Associations between selected alleles and the genetic backgrounds on which they are found can reduce the efficacy of selection. We consider the extent to which such interference, known as the Hill-Robertson effect, acting between weakly selected alleles, can restrict molecular adaptation and affect patterns of polymorphism and divergence. In particular, we focus on synonymous-site mutations, considering the fate of novel variants in a two-locus model and the equilibrium effects of interference with multiple loci and reversible mutation. We find that weak selection Hill-Robertson (wsHR) interference can considerably reduce adaptation, e.g., codon bias, and, to a lesser extent, levels of polymorphism, particularly in regions of low recombination. Interference causes the frequency distribution of segregating sites to resemble that expected from more weakly selected mutations and also generates specific patterns of linkage disequilibrium. While the selection coefficients involved are small, the fitness consequences of wsHR interference across the genome can be considerable. We suggest that wsHR interference is an important force in the evolution of nonrecombining genomes and may explain the unexpected constancy of codon bias across species of very different census population sizes, as well as several unusual features of codon usage in Drosophila.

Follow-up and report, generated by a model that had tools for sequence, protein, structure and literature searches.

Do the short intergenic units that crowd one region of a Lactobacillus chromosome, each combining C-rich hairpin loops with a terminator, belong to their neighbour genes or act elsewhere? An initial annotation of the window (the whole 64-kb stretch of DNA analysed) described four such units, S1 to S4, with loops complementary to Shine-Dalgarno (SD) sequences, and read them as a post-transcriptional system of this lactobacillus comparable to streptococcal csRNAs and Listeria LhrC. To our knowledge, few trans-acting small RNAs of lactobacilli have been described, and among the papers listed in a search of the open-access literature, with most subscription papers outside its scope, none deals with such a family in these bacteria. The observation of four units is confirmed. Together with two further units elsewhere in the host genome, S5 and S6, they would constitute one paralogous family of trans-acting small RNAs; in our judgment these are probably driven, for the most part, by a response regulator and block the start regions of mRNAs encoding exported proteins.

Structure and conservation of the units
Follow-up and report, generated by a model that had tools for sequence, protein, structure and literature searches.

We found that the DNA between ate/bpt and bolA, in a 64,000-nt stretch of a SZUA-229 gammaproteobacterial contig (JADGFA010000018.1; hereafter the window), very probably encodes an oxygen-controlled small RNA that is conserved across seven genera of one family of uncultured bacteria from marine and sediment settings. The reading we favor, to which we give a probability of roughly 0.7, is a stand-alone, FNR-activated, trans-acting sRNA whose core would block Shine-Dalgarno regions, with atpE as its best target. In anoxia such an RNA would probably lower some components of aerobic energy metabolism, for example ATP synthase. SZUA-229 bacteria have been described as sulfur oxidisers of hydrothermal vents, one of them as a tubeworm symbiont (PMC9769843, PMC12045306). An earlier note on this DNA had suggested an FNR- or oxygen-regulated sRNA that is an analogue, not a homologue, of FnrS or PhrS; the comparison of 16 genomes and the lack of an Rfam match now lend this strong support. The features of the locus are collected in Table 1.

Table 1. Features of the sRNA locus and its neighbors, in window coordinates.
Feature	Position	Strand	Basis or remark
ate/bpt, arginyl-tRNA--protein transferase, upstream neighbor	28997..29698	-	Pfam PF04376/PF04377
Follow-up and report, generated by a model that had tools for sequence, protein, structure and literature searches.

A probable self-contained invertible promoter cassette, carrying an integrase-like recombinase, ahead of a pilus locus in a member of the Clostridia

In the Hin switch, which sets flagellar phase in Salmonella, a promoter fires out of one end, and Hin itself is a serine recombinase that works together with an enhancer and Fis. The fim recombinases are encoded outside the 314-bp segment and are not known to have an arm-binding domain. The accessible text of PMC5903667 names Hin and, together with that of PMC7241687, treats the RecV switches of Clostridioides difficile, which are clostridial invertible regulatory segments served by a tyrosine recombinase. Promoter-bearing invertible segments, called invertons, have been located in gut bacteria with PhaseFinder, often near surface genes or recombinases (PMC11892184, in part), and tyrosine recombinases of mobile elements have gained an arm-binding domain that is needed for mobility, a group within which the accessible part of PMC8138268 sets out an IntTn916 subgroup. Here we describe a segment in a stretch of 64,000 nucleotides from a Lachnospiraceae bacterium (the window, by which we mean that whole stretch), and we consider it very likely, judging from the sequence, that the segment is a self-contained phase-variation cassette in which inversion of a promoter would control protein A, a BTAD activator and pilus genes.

Journal article



Publication Date





929 - 944


Alleles, Evolution, Molecular, Gene Frequency, Genetic Variation, Linkage Disequilibrium, Models, Genetic, Mutation, Selection, Genetic